Echocardiogram Bubble Study

What is an echocardiogram?

An echocardiogram is an ultrasound of the heart. It is also called an "echo." Ultrasound uses sound waves to take pictures of the inside of the body. An echocardiogram is done to get pictures of the heart and the areas around the heart. This information helps doctors understand what your child's heart is doing.

For more information on echocardiograms, including why they are done, how to prepare for the test, and what to expect during an echocardiogram, please read the "Echocardiogram" brochure.

What is a bubble study?

Sometimes we inject a fluid called contrast medium into your child's bloodstream. This helps us get a better picture of your child's heart on the echocardiogram.

One type of contrast medium is saline (sterile salt water) mixed with a gas. Usually, the gas is carbon dioxide, the same gas that makes soda fizzy. When this solution is used it is called a bubble study.

A bubble study lets us follow the path that the bubbles take through the bloodstream. This helps us to find heart or lung problems.

The bubble study is safe. The bubble solution is easily absorbed into your child's bloodstream.

Preparing for a bubble study

To get your child ready for a bubble study, follow the same instructions you follow for a regular echocardiogram.

You should also tell your child that he or she will need an intravenous line (IV) on the day of the test. An IV is a needle in your child's arm, attached to a tube. This lets us put fluids directly into your child's bloodstream.

Eating and drinking before a bubble study

Most children do not need to do anything special to get ready for an echocardiogram. However, if your child is under three years old, he may need a sedative. A sedative is a kind of medicine that will help your child sleep for the test. An echocardiogram works best when the child does not move.

If your child is having a sedative for the test, he must stop eating and drinking several hours before the test. A nurse will call you in the week before the test to make sure you understand what and when your child can eat and drink. The table below also tells you when your child must stop eating and drinking.

What your child can eat and drink before the sleep medicine

Time before test

What you need to know

8 hours

No more solid food, milk, or orange juice. This also means no gum or candy.

Your child can still drink clear liquids. Clear liquids are anything you can see through, such as apple juice, ginger ale, or water.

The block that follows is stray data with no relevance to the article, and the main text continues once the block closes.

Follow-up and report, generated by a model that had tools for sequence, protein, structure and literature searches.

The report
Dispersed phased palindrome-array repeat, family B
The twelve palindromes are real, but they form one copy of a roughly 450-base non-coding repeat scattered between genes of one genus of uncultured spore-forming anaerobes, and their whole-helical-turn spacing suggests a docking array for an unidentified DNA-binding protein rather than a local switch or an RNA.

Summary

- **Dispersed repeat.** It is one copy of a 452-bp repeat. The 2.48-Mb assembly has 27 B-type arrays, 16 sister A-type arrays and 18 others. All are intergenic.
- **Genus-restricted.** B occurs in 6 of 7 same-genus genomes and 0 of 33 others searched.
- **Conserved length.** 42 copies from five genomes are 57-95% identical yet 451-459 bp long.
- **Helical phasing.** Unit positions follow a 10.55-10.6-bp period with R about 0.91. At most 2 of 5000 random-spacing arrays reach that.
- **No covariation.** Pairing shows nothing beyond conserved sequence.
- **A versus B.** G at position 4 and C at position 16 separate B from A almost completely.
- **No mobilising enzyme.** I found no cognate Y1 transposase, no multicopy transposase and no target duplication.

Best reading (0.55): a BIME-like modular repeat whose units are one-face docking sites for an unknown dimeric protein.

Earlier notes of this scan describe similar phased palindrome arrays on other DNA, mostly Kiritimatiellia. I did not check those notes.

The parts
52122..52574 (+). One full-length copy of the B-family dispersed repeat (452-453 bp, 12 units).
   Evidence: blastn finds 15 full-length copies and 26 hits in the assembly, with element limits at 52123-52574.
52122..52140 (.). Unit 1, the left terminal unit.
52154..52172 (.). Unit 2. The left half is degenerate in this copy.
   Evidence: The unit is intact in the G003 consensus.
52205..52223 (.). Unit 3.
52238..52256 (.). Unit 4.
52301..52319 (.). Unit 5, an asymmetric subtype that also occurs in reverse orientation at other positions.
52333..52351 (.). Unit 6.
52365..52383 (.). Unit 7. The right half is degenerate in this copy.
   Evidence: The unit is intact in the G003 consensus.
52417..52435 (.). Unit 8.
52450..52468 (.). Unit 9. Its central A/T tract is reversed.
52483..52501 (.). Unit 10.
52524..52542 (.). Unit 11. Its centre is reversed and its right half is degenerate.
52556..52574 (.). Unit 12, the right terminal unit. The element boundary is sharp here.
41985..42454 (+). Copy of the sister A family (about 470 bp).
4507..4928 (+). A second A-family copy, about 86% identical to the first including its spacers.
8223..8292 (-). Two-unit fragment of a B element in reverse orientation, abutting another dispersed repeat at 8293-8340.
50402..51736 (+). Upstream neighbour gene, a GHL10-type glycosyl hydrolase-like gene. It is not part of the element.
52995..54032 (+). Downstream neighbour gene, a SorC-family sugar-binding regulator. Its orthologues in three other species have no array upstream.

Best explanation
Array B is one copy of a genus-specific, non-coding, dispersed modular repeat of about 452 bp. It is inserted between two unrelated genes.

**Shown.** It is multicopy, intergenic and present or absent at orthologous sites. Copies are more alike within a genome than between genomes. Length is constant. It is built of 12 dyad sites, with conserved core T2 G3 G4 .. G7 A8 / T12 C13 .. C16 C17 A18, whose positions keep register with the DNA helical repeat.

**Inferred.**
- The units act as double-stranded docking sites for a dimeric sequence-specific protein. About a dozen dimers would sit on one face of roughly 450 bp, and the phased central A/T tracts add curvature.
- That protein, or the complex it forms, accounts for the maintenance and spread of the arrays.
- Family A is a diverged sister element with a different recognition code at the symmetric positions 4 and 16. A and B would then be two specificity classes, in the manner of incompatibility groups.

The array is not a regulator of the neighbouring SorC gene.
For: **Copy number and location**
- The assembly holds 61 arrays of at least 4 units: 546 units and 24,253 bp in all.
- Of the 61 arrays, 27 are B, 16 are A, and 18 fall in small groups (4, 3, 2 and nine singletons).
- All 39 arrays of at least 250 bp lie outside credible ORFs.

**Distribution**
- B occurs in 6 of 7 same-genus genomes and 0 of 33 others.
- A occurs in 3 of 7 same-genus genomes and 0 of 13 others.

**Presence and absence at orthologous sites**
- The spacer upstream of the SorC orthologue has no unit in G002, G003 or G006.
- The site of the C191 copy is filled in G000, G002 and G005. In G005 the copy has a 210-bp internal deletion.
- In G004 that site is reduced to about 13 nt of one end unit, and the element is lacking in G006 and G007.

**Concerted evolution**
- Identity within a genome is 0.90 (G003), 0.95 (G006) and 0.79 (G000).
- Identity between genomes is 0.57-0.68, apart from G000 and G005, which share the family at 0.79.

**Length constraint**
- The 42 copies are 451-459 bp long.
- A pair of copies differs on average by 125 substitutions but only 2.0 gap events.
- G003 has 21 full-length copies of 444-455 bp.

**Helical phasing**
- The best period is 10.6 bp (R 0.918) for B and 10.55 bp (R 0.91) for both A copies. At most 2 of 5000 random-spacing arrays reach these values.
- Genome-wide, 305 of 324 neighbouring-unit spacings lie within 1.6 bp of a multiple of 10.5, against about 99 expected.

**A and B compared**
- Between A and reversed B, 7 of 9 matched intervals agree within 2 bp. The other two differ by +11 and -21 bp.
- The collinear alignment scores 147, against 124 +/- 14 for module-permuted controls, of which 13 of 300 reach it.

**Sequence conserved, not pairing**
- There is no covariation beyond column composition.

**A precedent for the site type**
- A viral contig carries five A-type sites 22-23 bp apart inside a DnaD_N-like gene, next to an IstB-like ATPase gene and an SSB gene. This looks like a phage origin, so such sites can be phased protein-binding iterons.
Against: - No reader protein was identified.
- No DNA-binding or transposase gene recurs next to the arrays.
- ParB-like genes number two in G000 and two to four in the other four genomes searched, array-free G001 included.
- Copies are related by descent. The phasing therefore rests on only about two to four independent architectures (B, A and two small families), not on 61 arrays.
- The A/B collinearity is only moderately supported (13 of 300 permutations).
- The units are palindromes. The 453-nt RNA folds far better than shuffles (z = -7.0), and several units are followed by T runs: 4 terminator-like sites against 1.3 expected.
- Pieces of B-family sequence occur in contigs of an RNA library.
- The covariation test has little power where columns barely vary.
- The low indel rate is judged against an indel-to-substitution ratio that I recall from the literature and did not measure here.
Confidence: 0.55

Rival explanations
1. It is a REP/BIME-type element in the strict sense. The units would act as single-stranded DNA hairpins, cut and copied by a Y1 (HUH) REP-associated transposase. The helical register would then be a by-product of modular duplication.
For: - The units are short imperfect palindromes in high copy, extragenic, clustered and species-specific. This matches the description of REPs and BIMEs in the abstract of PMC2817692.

Your child can also eat Jell-O or popsicles.

6 hours

No more milk or formula.

4 hours

Stop breastfeeding your baby.

2 hours

No more clear liquids. This means no more apple juice, water, or ginger ale. Your child cannot eat any popsicles or Jell-O.

What will happen during the bubble study

Before the test, the nurse will ask your child to change into a hospital gown.

Three people will be in the room to do the test:

  • a doctor
  • a nurse
  • a sonographer, who operates the echocardiogram machine

The doctor will mix the bubble solution in a sterile syringe and inject it into your child's IV. The sonographer will take the pictures with the echocardiogram probe.

Going home after the test

If your child was not given a sedative, he or she can drink as usual. The nurse or doctor will remove the IV and put a bandage on before you and your child go home.

If your child was given a sedative for the test, your child's nurse will tell you what you need to do.

For more information on caring for your child after sedation, please read the Sedation pamphlet.

Getting the results of the test

Your child's doctor will give you the test results and tell you what they mean. It will be 7 to 10 days before the doctor gets the results.

Key points

  • A bubble study is a heart ultrasound that uses a bubbly liquid to help doctors get a better view of the path of blood through the heart.
  • The contrast material is usually sterile salt water and carbon dioxide. It is injected into the body through an IV. It is safe.
  • Your child should prepare for a bubble study in the same way as an echocardiogram. You should also tell your child he or she will need an IV.

Fraser Golding, MD, FRCPC

Jane Best, RN

Jennifer Kilburn, BScN, MN

Carrie Heffernan, RN, MN

11/6/2009

At SickKids:

Take your child to register on 4B in the Atrium wing of the hospital, in the Echo Lab.

 





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